October 12, 2012
Why yes, I’m still obsessed with duck fat. Why do you ask?
These potatoes are the most perfect breakfast potatoes I’ve ever encountered. The secret is in boiling the potatoes beforehand — if you don’t, the insides of the potatoes dry out while you’re trying to brown them in the skillet. This way, the potatoes are creamy all the way through, and the outer layers absorb the delicious duck fat more readily.
I like to serve them with the other items that make up my ideal breakfast experience: soft-scrambled eggs, a bit of toast, good salted butter, jam, and several pieces of bacon. But I’ve also served them with braised dishes and stews like short ribs and boeuf bourguignon, and they’re delicious outside the breakfast sphere too.
September 14, 2012
“Garlic is divine. Few food items can taste so many distinct ways, handled correctly. Misuse of garlic is a crime. Old garlic, burnt garlic, garlic cut too long ago and garlic that has been tragically smashed through one of those abominations, the garlic press, are all disgusting. Please treat your garlic with respect. Sliver it for pasta, like you saw in Goodfellas; don’t burn it. Smash it, with the flat of your knife blade if you like, but don’t put it through a press. I don’t know what that junk is that squeezes out the end of those things, but it ain’t garlic. And try roasting garlic. It gets mellower and sweeter if you roast it whole, still on the clove, to be squeezed out later when it’s soft and brown. Nothing will permeate your food more irrevocably and irreparably than burnt or rancid garlic. Avoid at all costs that vile spew you see rotting in oil in screw-top jars. Too lazy to peel fresh? You don’t deserve to eat garlic.”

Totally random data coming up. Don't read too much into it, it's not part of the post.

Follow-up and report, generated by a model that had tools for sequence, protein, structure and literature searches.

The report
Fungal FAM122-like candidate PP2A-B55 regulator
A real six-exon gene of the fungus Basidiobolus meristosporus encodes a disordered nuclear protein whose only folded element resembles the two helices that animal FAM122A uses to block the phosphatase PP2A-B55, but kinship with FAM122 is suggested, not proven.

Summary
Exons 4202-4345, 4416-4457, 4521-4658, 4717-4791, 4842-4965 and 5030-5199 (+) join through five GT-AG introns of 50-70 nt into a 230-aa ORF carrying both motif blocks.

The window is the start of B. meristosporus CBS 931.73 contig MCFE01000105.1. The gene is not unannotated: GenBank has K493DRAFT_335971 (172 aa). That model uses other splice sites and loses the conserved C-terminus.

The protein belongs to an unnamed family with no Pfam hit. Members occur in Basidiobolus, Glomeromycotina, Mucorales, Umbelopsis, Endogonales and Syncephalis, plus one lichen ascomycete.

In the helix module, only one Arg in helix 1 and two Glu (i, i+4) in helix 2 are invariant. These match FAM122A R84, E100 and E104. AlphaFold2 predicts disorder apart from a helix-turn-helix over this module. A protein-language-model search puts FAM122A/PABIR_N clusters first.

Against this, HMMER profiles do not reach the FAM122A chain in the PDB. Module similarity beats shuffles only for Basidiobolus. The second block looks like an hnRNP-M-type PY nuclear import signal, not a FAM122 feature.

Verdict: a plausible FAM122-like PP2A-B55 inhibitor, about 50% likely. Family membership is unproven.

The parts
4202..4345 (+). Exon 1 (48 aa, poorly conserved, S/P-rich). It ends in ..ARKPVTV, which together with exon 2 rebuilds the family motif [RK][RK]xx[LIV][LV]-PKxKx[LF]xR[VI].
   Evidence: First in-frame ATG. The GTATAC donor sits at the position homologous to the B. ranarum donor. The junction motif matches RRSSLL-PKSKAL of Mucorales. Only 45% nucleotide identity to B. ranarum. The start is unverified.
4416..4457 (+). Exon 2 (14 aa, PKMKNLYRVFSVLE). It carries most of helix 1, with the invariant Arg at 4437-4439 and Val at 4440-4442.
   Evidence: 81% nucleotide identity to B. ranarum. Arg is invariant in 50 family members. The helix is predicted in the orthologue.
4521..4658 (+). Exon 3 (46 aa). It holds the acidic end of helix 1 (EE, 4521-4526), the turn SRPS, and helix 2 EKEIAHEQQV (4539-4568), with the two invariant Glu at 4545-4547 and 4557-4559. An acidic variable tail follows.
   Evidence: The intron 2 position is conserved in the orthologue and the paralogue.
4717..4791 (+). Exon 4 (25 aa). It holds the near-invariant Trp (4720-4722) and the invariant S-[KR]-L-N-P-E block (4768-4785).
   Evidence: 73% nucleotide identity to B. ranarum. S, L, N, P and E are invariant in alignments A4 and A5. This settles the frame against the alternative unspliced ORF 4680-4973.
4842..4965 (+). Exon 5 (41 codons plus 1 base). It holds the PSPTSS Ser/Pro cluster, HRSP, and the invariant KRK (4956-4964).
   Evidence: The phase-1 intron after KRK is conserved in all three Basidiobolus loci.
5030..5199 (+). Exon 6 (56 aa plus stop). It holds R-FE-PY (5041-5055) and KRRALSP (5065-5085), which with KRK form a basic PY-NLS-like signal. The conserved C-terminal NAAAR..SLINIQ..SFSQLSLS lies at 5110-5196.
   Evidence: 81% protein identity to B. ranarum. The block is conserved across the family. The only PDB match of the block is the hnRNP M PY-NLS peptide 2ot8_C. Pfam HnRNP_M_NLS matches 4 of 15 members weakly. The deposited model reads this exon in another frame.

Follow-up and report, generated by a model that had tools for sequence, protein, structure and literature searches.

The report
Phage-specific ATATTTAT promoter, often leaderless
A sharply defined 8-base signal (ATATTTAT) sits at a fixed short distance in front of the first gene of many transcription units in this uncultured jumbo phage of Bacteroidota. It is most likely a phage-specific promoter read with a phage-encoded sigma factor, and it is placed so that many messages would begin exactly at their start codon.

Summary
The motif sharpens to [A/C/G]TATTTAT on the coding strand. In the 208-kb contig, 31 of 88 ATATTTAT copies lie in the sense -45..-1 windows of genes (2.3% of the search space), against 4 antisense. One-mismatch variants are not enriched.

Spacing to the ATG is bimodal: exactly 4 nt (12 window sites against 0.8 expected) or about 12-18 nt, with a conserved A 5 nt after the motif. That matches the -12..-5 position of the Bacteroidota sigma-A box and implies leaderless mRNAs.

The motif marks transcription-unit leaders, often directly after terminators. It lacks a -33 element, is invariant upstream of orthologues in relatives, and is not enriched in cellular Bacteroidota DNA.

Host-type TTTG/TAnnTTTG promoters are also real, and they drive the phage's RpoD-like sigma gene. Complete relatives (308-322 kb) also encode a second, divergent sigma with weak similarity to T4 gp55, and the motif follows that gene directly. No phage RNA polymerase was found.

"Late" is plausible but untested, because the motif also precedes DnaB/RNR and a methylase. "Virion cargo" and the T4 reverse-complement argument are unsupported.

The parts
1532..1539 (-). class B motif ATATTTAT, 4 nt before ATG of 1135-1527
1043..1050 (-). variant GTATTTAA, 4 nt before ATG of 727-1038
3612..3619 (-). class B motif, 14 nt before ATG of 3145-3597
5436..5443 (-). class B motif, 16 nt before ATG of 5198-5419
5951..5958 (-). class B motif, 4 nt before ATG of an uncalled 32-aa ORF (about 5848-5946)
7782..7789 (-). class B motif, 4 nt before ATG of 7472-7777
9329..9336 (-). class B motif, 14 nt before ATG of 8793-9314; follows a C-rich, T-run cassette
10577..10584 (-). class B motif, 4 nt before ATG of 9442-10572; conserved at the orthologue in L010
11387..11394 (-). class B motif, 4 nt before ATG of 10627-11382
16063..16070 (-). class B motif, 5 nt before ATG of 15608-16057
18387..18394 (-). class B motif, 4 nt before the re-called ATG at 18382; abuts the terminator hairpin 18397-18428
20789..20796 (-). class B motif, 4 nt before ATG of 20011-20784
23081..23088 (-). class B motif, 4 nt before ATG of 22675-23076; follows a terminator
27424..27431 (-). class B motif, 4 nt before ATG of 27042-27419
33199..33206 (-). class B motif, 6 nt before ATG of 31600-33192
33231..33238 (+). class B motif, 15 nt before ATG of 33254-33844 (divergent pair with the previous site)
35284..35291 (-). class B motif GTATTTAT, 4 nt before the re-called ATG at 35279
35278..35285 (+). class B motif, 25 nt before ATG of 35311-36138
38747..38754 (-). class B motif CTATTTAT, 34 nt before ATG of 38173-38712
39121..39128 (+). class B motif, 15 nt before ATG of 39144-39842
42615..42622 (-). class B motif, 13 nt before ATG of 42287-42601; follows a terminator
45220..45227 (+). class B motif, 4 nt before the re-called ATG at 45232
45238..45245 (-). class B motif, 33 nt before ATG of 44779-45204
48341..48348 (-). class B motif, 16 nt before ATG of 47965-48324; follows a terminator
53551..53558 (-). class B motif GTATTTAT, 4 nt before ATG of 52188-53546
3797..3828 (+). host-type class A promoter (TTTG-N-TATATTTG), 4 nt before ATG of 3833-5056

— Anthony Bourdain, Kitchen Confidential: Adventures in the Culinary Underbelly
Mr. Bourdain has said it perfectly. Garlic is one of those transcendent ingredients that will permeate a dish with its heady flavor and aroma from just a small clove, it’s in nearly everything worth eating, and it should be treated with respect.
August 14, 2012
Spinach, kale, chard, collards, beet greens, etc. etc. etc. We’re supposed to eat lots of them. They’re called “cooking greens” to differentiate them from the tender greens that are more commonly eaten raw.
Greens are not my forte. Carbs and protein are my jams. But hey, hardy leaf matter is necessary for a hardy body, so we’d better make it taste awesome and — this is the important part — more likely to get into all of our meals. That’s where these garlicky greens come in.